Davis Davis attacks document suggesting United Kingdom access to European Union could be suspended

Davis Davis attacks document suggesting United Kingdom access to European Union could be suspended

A spokesperson for Number 10 said later: "The prime minister discussed the role of our modern Industrial Strategy in making the UK an even more attractive destination for Japanese and global investment, as well as the UK-Japan trade and investment relationship".

The ambassador addressed waiting media outside 10 Downing Street after May hosted a roundtable meeting with senior representatives of Japanese businesses that are significant investors in Britain.

Japan has given a stark warning to Britain that its big companies - and others - would have to quit the country if trade barriers after Brexit wipe out their profit margins.

Koji Tsuruoka said he "expected" free access to the European markets for Japanese businesses based in Britain to continue.

"So it is as simple as that", he said. "And this is all high stakes that I think all of us need to keep in mind".

Japan, the world's third largest economy, has expressed unusually strong public concerns about the impact of Brexit on the United Kingdom, the second-most important destination for Japanese investment after the United States.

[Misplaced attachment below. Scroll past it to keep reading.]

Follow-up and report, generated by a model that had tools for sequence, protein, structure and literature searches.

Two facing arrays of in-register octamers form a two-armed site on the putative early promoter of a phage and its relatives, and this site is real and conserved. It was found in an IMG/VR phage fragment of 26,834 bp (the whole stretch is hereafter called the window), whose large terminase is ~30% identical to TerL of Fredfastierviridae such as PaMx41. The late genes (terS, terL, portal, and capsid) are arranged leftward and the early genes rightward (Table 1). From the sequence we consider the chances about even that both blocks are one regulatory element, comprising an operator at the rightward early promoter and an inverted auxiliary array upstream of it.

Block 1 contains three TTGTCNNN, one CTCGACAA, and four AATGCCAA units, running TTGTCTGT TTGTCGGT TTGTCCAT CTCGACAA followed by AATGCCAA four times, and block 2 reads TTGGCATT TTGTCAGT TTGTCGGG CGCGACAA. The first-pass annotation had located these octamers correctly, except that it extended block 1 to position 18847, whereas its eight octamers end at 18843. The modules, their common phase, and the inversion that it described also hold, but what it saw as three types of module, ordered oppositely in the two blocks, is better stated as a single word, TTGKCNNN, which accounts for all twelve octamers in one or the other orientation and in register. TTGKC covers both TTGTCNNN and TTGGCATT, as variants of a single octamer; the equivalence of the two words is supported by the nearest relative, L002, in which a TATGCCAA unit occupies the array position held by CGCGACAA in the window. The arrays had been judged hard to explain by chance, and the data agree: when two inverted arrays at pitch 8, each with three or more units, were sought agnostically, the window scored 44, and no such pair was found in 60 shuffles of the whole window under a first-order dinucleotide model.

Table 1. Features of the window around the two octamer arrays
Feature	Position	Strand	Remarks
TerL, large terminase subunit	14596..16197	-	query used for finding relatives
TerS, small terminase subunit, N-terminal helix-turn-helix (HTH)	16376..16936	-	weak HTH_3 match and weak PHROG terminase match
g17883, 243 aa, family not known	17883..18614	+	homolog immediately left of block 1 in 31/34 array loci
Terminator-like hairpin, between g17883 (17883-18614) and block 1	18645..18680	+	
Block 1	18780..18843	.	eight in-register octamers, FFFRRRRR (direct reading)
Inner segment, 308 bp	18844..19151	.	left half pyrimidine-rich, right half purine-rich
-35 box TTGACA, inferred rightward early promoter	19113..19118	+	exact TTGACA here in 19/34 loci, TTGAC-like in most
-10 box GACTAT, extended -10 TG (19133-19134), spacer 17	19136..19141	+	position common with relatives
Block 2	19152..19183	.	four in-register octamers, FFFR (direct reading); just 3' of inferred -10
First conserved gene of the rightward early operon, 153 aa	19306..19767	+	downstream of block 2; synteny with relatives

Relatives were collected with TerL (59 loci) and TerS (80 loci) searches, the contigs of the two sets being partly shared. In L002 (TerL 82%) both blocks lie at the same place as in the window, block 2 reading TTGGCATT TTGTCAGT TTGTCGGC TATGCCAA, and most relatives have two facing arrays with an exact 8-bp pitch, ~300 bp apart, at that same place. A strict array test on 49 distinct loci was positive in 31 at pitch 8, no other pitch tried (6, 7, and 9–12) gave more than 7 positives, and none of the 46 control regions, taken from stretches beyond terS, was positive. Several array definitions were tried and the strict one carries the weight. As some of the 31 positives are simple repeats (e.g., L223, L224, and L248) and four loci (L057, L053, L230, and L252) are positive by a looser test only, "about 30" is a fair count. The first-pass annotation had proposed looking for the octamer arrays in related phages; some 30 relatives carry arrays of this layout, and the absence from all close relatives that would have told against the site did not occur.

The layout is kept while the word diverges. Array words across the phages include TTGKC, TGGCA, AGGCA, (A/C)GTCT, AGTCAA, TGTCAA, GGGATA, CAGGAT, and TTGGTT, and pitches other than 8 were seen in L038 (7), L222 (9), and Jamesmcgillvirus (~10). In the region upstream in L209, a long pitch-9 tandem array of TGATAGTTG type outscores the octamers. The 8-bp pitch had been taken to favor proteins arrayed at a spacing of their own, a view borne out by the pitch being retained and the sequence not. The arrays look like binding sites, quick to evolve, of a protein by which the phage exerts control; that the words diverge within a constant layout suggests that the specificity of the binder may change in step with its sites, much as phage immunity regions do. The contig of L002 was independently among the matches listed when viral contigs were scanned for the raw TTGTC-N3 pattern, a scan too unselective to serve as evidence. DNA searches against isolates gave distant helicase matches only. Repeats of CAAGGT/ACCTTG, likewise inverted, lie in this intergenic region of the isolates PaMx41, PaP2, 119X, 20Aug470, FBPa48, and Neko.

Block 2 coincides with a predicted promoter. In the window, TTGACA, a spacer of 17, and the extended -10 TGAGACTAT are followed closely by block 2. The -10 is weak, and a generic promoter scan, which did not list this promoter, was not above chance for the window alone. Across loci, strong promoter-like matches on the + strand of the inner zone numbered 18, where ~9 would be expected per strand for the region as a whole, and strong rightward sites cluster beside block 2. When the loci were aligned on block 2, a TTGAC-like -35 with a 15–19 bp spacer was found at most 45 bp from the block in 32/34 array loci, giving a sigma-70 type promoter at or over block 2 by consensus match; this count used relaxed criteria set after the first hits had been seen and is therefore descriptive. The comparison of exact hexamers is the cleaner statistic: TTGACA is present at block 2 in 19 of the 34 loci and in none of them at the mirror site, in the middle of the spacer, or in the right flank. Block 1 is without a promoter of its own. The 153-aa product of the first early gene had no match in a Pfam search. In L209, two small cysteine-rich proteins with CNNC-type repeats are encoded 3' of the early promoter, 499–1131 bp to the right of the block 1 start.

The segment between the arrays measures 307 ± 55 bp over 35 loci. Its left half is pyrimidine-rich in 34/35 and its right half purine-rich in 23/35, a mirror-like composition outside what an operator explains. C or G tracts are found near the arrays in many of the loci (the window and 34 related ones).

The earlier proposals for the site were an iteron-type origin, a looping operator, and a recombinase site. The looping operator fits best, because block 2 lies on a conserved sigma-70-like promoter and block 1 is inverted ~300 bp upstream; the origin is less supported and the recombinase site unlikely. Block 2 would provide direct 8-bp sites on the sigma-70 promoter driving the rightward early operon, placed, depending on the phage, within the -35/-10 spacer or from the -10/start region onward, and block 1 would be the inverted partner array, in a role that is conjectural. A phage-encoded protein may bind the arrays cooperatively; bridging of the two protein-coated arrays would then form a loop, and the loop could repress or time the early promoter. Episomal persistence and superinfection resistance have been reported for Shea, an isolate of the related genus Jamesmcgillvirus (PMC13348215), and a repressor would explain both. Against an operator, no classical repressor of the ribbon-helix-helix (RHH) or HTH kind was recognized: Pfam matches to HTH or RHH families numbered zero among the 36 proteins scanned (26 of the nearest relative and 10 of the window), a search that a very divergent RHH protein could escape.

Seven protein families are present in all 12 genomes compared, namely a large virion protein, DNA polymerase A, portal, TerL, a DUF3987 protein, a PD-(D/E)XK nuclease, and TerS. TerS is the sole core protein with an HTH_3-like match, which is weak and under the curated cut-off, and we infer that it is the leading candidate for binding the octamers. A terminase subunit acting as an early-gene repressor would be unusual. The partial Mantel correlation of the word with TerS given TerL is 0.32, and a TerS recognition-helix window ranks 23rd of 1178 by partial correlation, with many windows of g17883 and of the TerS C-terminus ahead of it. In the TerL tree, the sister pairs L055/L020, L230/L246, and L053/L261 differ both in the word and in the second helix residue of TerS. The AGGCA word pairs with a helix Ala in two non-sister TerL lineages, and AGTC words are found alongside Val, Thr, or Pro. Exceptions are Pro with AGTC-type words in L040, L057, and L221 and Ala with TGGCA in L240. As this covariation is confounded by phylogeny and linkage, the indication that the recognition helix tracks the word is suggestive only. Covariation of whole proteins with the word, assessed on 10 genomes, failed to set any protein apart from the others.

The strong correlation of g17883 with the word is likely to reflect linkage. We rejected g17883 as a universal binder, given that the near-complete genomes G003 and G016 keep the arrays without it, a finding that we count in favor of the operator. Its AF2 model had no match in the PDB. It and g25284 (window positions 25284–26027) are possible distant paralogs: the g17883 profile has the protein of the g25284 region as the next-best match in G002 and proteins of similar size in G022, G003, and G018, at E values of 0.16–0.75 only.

Japan's interests in Britain include auto builders, banks and tech companies.

The United Kingdom regards the tone of the leaked European Union paper stipulating Brussels' power to restrict the country's access to the single market during the Brexit transition period as inappropriate, raising concern over potentially arbitrary nature of such termination, UK Brexit Secretary David Davis said on Thursday.

A leaked government assessment published in British media in recent days suggests the vehicle industry could face cost increases of between five and 13 per cent under different possible post-Brexit scenarios.

A spokesman told reporters just before the meeting: "We've been clear about the sort of deal that we want to secure and that we want trade which is as frictionless as possible".

Thursday's meeting came after a Brexit sub-committee of ministers discussed their Brexit strategy including how closely Britain should remain aligned with the EU and its customs union, a divisive issue for the ruling Conservatives.

They include global banking giant Nomura and top automakers Toyota, Nissan and Honda.

Collectively the three carmakers build almost half of Britain's 1.67 million cars.

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